Law Essay on the Magna Carta and the Constitution

The Magna Carta and the Constitution

The US constitution has proved to be stable and flexible for over 200 years accommodating important rights to its people. The constitution was developed to form the government a new federation which allowed the establishment of citizens’ rights. It majorly serves three functions namely: creating a national government with a legislative branch, executive branch, and judicial branch, diving powers between three government levels, and finally, protecting important liberties of its citizens (Maland and Arnold, 2017).  The constitution separates powers by giving executive power to the president, the legislation power to the Congress and the judicial power to the courts. This is meant to avoid imbalances and tyranny of branches, but all branches work with each other in governing the states. The US constitution also divides powers between the federal and the state government. The federal government has power over the state governments. There are powers given to the state which the federal government does not have. Thus the constitution limits powers by the federal government given to the states. The final function which is protecting citizens’ rights is amended under the bill of rights.  The bill of rights contains several clauses including equal protection and protection from discrimination based on race and sex among other characteristics.

The Magna Carta is a document of principles agreed by England’s King John after a period of high tax charges and unsuccessful foreign policies (Barrington, 2017). The Magna Carta also knows as the Great Charter puts everybody under the rule of law including all England’s sovereigns. The primary purpose of the charter was to devolve power from the king to the court of barons and the parliament. It established basics of rights in the trade activities, placed limitations in tax charges under property law, and laid out interpretation of environmental law. The charter thus advocated for liberties of people in British. The charter has been developing with time and its principles are still relevant today.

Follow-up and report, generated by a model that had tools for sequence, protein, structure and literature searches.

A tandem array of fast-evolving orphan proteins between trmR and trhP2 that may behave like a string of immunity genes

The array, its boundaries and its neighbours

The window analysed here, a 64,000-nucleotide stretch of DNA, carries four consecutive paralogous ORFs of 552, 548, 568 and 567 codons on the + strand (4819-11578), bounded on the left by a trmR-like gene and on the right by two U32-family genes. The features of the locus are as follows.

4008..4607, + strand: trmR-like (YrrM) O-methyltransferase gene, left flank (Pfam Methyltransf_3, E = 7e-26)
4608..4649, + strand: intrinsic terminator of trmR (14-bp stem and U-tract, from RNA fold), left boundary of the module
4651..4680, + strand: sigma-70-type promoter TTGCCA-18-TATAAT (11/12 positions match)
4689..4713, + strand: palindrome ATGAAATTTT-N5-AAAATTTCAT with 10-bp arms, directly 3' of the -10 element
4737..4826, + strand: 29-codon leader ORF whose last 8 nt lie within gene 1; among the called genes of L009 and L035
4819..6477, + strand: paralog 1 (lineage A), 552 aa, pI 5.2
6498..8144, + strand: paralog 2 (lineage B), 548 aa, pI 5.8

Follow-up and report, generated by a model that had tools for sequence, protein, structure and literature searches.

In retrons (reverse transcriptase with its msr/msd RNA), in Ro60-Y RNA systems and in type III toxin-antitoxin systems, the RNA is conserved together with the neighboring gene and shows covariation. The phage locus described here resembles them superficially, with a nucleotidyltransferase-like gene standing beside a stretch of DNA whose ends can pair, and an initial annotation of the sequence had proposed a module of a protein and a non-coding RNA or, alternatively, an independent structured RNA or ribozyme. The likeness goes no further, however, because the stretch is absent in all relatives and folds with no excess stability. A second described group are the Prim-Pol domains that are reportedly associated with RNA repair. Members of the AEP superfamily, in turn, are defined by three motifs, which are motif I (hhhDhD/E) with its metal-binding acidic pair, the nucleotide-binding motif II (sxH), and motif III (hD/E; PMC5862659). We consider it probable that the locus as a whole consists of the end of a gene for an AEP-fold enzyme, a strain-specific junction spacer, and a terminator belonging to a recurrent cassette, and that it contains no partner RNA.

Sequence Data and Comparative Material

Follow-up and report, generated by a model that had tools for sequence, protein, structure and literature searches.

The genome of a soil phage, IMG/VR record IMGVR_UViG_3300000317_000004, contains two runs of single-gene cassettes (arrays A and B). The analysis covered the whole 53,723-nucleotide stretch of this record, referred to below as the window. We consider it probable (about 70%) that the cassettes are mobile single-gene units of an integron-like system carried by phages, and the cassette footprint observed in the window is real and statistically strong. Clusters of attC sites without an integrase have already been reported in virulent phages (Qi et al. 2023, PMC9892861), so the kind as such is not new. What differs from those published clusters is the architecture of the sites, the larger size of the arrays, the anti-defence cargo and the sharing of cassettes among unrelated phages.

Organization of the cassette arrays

The purpose of the charter is to protect basic human rights including protection from the excessive control of property by the government (Stewart, 2011). It gives all the British people the freedom to enjoy their liberties and free customs. The charter also gives British people the freedom to practice religious practices. It also provides other freedoms along this particular clause including freedom of speech. The other purpose of this charter is promoting justice. It serves all the people of British by outlining principles and rights of every individual and how they should be treated. People are protected from unjust oppression including discrimination of freed prisoners to have equal rights like other citizens, the imposition of unfair finds, and provides a fair and just court procedures among others. The charter basically provides rights that serves all the British people in all their life walks including respect for family privacy, limitations to border controls especially to merchants, and protection of the environment.

There are many similarities between the Magna Carta and the US Constitution. First, they all protect different human rights and freedoms including freedom of speech, freedom of religion and freedom from discrimination. Secondly, the two documents separate and divide power within the levels of government. The US constitution gives the president its own powers, the Congress as well as the judicial system while the Magna Carta devolves powers from the King to states and the people. Thirdly, all the two constitutions provide property rights. The Magna Carta gives traders liberties, free customs, and protection from unfair fining and taxation, while the US constitution empowers the Congress to protect intellectual property and also uniform levying of taxes. The two constitutions aim at serving the rights and freedoms of people and institutions as well as protecting them from excessive control from the government.


Stewart, Ewen (2011). The Magna Carta Today: Its Principles and Relevance in the 21st Century.The Hampden Trust.

Maland. P and Arnold. (2017). About America: How the United States Is Governed. Braddock Communication.

Barrington, R. (2017). The Magna Carta. Encyclopaedia Britannica.